Aussie government to join EU’s international taxonomy group amid finance sector pressure

Australian treasury tells RI that it will join the International Platform on Sustainable Finance as part of 'efforts to increase engagement on climate and sustainability-related issues'.

The Australian government has told Responsible Investor that it intends to join the EU’s International Platform on Sustainable Finance (IPSF), a step recently identified as a priority by the country’s finance sector.  

The IPSF was launched in 2019 to support and influence the development of a common approach to sustainable finance globally. It consists of the EU and 18 other jurisdictions, including China, Japan and the UK, representing 55 percent of global GDP as well as greenhouse gas emissions.  

One of its key deliverables is the creation of a Common Ground Taxonomy, a framework that seeks to bring more clarity and transparency around the similarities and differences between taxonomies being developed in different jurisdictions, starting with an in-depth comparison between the EU and China taxonomies.

Last week, the Australian Sustainable Finance Initiative (ASFI), a finance sector-led initiative, wrote in its second progress report that, by joining the ISPF, the Australian government “would increase its influence in setting global norms, particularly on transition finance and taxonomies”. 

The action was identified as one of the “quick wins to be had” and one of the “critical gaps that should be prioritised”.   

Responding to a question on the likelihood of this step being taken, a spokesperson for the Australian treasury told RI that the government intends to join the platform “as part of its efforts to increase engagement on climate and sustainability-related issues”.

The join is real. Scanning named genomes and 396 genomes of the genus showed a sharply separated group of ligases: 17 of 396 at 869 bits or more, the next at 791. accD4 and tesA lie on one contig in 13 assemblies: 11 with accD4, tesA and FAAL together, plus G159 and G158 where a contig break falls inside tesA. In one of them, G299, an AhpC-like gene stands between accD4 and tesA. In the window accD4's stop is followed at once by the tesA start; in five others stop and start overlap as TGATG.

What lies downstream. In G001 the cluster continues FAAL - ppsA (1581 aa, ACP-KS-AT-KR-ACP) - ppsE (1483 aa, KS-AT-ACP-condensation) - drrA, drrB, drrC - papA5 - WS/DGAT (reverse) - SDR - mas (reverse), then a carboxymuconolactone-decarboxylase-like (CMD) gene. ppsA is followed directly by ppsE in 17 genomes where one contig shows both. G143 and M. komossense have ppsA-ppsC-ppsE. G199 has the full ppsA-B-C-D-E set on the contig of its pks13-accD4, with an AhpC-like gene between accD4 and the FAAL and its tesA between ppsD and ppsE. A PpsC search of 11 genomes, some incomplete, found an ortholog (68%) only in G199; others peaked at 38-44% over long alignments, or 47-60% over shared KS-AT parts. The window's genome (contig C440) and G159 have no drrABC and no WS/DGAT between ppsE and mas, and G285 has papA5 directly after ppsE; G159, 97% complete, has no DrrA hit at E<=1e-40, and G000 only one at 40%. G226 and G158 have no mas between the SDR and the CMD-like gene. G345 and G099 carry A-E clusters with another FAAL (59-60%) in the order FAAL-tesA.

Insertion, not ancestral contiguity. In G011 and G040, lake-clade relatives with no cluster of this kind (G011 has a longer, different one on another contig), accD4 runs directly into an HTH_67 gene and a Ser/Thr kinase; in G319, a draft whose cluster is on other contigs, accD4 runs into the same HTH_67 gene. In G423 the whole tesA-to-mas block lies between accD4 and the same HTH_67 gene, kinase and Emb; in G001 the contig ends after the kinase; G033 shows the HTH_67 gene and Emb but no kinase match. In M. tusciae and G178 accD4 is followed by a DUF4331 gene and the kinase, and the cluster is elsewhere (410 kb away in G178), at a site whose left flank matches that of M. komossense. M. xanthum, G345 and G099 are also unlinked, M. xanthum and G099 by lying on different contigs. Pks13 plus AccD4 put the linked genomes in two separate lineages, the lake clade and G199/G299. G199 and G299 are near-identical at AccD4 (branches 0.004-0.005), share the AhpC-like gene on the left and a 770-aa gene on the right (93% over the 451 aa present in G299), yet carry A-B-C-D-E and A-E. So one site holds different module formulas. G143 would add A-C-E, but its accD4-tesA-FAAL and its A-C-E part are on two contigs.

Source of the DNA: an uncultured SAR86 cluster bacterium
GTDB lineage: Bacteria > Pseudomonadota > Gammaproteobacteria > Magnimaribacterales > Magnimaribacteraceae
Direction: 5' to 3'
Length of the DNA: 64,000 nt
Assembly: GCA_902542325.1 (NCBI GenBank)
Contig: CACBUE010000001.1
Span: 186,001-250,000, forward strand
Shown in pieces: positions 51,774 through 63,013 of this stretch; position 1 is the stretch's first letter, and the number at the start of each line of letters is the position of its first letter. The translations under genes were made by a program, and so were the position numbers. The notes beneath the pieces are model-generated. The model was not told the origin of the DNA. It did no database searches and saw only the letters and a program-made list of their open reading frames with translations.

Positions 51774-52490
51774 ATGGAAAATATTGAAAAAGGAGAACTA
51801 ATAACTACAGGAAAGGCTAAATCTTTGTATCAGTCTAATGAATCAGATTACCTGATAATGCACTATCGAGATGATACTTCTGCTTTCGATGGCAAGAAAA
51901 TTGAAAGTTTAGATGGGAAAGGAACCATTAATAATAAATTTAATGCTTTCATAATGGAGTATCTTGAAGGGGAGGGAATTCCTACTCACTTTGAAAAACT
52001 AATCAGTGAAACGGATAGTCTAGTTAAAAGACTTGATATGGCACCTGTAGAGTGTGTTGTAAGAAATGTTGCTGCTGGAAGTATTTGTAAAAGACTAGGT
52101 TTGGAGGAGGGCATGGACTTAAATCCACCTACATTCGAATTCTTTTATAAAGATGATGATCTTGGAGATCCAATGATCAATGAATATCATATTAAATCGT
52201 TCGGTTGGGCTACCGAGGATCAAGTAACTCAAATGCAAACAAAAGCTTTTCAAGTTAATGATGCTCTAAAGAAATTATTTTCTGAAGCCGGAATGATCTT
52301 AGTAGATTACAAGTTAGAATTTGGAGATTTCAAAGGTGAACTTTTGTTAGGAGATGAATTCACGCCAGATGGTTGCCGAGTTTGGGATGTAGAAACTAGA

ASFI’s progress report also called on the government to develop its own sustainable finance strategy to “identify and prioritise the policies, programmes and initiatives needed to support and drive sustainable finance in Australia”. 

The Treasury spokesperson also said that the treasurer is scheduled to address an ASFI event on 12 December “where he will discuss the government’s climate disclosure commitments and wider priorities in sustainable finance”. 

A taxonomy tailored to the Australian context is currently being developed by the ASFI. The body’s executive director, Kristy Graham, recently told RI that its framework will likely include a transition category that will ramp up over time.    

In October, ASFI published a taxonomy “framing paper” outlining key considerations that will inform the development of the Australian framework.